Developing Health Policy Briefs to Bridge Research to Policy Translation Gaps

Joanna Buscemi, PhD

Joanna Buscemi, PhD

Joanna Buscemi, Ph.D.

Have you ever wanted your work to have a greater impact? Certainly, the field of health psychology has been responsible for many advances in health, such as developing evidenced-based interventions for people with chronic illness and spearheading efforts to prevent disease through health behavior change programs. We are fortunate that many of us can see this impact first hand either through clinical work with patients or through improvements in our research participants’ health or quality of life. However, there are instances where higher level systems prevent evidence-based interventions from reaching more people, and, importantly, those who need them the most. For example, in a policy environment where psychologists are not consistently reimbursed for behavioral weight management treatment, how are we able to make the greatest impact?

These questions of impact and policy-level barriers to broad scale dissemination of evidence-based interventions motivated me to pursue opportunities to communicate some of these barriers to policymakers. Through my role as the Health Policy Committee Chair of the Society of Behavioral Medicine (SBM), I have been fortunate enough to learn how to write health policy briefs. Health policy briefs aim to communicate research findings to policymakers. They provide the reader with the background literature necessary to make informed policy decisions, and typically close with recommendations that are clear and actionable. As an academic, it was initially challenging to change my way of thinking to communicate effectively with policymakers. My initial drafts of my first policy briefs were text dense, full of jargon, and overly cited. Over time, I have developed the following list of tips that I find useful in developing an effective health policy brief:

  1. Briefs are just that. Brief. I recommend not exceeding two single-spaced pages or your audience will be too overwhelmed to read your piece.
  2. Take on a timely issue. Congress is going to be more interested in a hot-button issue that is a public health concern than a less timely topic. You will be more likely to be heard if you select an issue that is already on the minds of lawmakers.
  3. Work on a team. Assemble a team of authors that have expertise in your topic, and be open to lots of feedback to make sure you get the message just right.
  4. Identify your audience. Generally, the briefs I develop are targeting legislative aides, but they can also target school systems or health care providers, for example.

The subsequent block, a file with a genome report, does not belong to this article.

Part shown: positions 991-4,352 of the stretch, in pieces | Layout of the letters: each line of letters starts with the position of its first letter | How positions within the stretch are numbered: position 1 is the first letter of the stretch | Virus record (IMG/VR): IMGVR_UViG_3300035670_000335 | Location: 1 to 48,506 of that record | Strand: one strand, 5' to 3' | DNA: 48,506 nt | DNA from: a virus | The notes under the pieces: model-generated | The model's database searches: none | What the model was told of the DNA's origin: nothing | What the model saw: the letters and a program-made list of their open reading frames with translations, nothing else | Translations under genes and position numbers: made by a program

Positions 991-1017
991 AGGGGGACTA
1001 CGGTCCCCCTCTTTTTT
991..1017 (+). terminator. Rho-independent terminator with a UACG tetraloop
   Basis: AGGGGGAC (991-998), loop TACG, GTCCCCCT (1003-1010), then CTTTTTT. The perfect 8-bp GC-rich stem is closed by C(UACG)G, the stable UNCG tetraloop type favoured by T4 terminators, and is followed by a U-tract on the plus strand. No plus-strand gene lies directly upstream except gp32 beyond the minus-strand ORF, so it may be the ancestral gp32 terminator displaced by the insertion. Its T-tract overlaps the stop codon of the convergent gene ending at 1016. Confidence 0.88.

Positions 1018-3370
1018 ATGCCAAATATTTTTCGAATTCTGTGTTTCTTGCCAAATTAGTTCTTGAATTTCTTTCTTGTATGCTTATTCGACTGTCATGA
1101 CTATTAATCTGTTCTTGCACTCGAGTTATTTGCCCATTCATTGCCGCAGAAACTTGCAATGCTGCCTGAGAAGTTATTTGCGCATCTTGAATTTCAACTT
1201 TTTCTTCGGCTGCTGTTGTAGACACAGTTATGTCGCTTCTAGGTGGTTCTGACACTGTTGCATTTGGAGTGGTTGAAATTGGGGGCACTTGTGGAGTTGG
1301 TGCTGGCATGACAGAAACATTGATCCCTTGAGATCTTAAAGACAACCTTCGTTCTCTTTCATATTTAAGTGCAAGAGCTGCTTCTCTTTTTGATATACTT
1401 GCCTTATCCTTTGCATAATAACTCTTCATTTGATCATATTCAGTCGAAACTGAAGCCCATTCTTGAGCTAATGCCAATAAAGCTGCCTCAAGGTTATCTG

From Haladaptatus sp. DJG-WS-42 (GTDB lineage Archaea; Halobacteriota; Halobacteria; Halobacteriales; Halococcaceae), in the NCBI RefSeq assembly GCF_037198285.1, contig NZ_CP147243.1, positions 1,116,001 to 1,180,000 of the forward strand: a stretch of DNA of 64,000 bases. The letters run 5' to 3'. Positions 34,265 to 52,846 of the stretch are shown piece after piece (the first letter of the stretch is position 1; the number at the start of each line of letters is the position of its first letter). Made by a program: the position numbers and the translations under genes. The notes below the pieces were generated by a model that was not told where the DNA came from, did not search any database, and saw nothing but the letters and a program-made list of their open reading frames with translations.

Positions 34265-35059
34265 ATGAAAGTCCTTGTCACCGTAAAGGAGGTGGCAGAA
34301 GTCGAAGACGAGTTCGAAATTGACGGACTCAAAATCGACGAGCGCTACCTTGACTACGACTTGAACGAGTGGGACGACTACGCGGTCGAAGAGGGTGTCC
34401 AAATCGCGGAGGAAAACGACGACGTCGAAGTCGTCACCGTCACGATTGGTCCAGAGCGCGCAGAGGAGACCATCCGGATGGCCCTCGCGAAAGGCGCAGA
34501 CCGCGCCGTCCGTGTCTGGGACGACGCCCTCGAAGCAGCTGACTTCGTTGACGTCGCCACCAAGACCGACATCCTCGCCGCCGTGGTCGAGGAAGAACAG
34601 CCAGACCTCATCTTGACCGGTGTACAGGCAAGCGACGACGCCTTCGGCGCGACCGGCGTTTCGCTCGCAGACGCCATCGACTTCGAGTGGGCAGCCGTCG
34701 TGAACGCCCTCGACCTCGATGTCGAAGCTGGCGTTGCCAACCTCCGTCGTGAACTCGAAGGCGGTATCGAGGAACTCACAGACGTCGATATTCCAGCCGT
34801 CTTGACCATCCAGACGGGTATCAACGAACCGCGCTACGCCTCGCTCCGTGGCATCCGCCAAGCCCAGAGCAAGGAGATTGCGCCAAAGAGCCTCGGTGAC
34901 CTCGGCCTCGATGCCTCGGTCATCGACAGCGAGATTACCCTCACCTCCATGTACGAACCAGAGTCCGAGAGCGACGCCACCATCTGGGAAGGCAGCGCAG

5. Identify 2-3 key recommendations based on the literature. If you include too many recommendations, you will lose your reader. Make sure these recommendations are clear, concise, specific, and actionable. For example, if the recommendation is to ensure that the Affordable Care Act reimburses for treatment of weight management by psychologists, is there a specific section of the Act that should be revised? Where is it located, and how should it be revised?
  6. Make sure there is enough literature to support your policy recommendations. A single randomized controlled trial is not sufficient evidence to inform a policy decision.
  7. Make sure that your target audience can do something about the recommendations you propose. If you include a recommendation that more research is needed, for example, your legislative aide might think, “Great, but I don’t do research!” Instead, it might be more appropriate to request that Congress increase funding through the National Institutes of Health to support your specific research recommendation.
  8. Partner up! Who are the like-minded professional organizations who might want to endorse your brief (e.g., American Heart Association, The Obesity Society, American Cancer Society)? Contact them to see if they are willing, and then set a plan for how they might help to disseminate the brief.
  9. Make a dissemination plan and execute it. SBM disseminates their briefs by posting to their website and social media pages and emailing copies of the brief to legislative aides.
  10. Don’t forget to follow up! Most of the key issues health policy briefs cover are ongoing. As legislation changes, make sure to follow up with your legislative aides or other stakeholders (e.g., school districts, health professionals) to continue the relationship building process and to keep trying to move the needle on your policy issue.

Health policy briefs give us the opportunity to weigh in on significant public health issues at federal levels. It is important to remember that policymakers can really benefit from our expertise. During one of our visits to Capitol Hill, I learned that members of Congress and their staff do not have access to PubMed or PsycINFO, making it impossible for them to obtain the literature to inform their policies. Therefore, it is, in a sense, our duty to work to communicate these messages to lawmakers. Although psychologists do not routinely receive training in policy communication in the context of our graduate programs, our professional organizations allow us opportunities to be engaged in policy work. The Health Policy Committee of SBM and the Health Policy Council of the Society for Health Psychology (SfHP) have collaborated on a number of health policy briefs. If you are interested in pitching an idea for a brief, feel free to contact me at jbuscem2@depaul.edu, and we can work with SfHP to develop a focus and aims for the brief. If we all consider advocating for health policy change as part of our job descriptions, we might be able to increase our population-level impact as psychologists.